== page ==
The question comes down to this, “What now?”
Life changes in front of our eyes. There are problems and breakups, splits, and tough decisions. There is always something around that opens our eyes to the need for change or improvement. But once we are aware, the question is this: What am I supposed to do now?
Simple answers are complicated. Nothing makes sense. We have an uphill climb and work to do. This is why people have spent lifetimes with blinders on. They’ve kept themselves this way because of one intimidating question. What now?
What comes after the unknown step to move forward? What changes come after the initial change? What then?
What do we do when we are faced with life in uncharted territory?
These questions are painfully real.
How does one simply move from one way of living to another? What happens to the levels of comfort? What about the unsureness?
Questions like this can relate to personal relationships. This can be about personal changes or social changes. This can be about work or finding a better job. This can be about living conditions or the need to break away from impending doom and dead-end feelings.
There comes a time when the discomfort outweighs fear. There comes a time when personal pain or anguish outweighs the concern of what comes next. This is when change happens.
In fairness, it would be dishonest to say that change is not intimidating.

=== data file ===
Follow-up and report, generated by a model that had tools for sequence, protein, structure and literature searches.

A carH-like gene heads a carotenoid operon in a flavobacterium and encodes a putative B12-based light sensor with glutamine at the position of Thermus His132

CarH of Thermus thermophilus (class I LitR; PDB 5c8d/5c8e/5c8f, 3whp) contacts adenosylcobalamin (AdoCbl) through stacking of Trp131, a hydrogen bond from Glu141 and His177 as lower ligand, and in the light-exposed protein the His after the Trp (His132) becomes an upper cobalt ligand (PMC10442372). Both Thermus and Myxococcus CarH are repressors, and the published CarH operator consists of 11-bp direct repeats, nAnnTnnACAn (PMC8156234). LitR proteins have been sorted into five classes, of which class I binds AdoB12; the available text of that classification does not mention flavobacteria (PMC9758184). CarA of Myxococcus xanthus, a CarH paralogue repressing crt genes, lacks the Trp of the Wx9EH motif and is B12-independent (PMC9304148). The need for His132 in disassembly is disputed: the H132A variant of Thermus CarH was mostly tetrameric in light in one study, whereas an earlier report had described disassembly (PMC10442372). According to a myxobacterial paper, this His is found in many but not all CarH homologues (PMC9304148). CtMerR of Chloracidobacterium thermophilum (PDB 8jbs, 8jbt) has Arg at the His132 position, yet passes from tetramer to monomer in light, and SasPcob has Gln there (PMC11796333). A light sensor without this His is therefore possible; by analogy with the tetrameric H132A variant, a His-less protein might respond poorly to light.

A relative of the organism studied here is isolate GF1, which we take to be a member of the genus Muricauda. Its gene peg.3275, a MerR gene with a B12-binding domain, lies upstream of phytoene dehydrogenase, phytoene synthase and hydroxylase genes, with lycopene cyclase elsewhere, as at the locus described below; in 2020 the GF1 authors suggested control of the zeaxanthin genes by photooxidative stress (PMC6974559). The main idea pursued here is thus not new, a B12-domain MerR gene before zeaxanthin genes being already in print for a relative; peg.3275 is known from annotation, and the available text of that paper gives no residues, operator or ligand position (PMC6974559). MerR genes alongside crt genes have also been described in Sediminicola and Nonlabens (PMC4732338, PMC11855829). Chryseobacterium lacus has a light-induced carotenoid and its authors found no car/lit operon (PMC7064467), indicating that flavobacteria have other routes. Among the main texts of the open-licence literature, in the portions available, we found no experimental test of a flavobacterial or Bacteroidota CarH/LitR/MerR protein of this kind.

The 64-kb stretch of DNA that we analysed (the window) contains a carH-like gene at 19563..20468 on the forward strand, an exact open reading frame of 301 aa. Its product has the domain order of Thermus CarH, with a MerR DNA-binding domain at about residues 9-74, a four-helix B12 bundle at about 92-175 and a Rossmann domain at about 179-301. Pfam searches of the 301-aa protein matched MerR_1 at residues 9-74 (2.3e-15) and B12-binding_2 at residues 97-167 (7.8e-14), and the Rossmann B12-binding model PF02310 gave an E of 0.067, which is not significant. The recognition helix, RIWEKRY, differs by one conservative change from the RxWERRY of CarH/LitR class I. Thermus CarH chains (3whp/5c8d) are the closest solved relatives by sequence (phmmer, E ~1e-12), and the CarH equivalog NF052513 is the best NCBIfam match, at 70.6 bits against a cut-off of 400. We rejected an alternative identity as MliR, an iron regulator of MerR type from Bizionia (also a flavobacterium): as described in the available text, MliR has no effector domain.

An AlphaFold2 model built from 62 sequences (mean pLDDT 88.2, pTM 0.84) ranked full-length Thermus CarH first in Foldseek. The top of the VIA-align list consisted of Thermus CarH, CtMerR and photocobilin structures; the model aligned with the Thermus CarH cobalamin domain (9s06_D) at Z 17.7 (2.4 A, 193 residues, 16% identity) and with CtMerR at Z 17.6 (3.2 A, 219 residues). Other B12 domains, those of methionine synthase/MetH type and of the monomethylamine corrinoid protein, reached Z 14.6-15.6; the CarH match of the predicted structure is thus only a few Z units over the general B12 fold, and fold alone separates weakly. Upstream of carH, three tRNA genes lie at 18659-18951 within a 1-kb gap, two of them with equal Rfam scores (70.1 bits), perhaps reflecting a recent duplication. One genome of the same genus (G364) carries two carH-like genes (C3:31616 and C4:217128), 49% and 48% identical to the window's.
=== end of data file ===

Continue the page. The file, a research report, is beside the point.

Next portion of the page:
The reason why is the very same question. What now?
I stood in a roomful of students that were undergoing a personal struggle. I was brought in to speak about my personal story as well as talk about the personal ability of recovery.
The class was young. I say they were young but they were old enough to experience trauma. They were young but they were old enough to experience depression, They were old enough to understand what it means to be a child of divorce. Some of the students understood what it meant to be bullied or to be abused and hurt.
Of course, they were old enough to experience what it feels like to be rejected and brokenhearted, but yet, they were still young enough to lack the language and the words to express how they felt or explain what was going on.
I have stood in a room full of adults to discuss these same subjects. They were old enough to have the language and experienced enough to express their thoughts or their concerns. Yet, at the same time, they lacked the ability to explain themselves or talk about their traumas.
The problem with awareness is awareness opens your eyes. This moves us to a position of responsibility. This means we have to act. This means we have to make a decision to either stay and improve or move on and improve while changing our circumstances.
This is often why denial can be thick because if we notice the problems or if we enter into a level of awareness, then what? If we come to an understanding that changes need to be made, what does this mean?
This means work. This means there is an unknown force; the tyrannical Boogie Man of all Boogie Men and the fear of all fears are up in front and just waiting to greet us. This is why people shy away.
This is why people do not ask for help because help is intimidating. Help requires work. The fear of pain; the fear of lonesomeness or the humbling vulnerability to admit that yes, there is something wrong is intimidating. To admit there is something going on in my life that is beyond my control; to admit that no, I am not perfect and that yes, I have faults and flaws and defects of character is enough to keep people in place and have them stay as they are, which is stuck.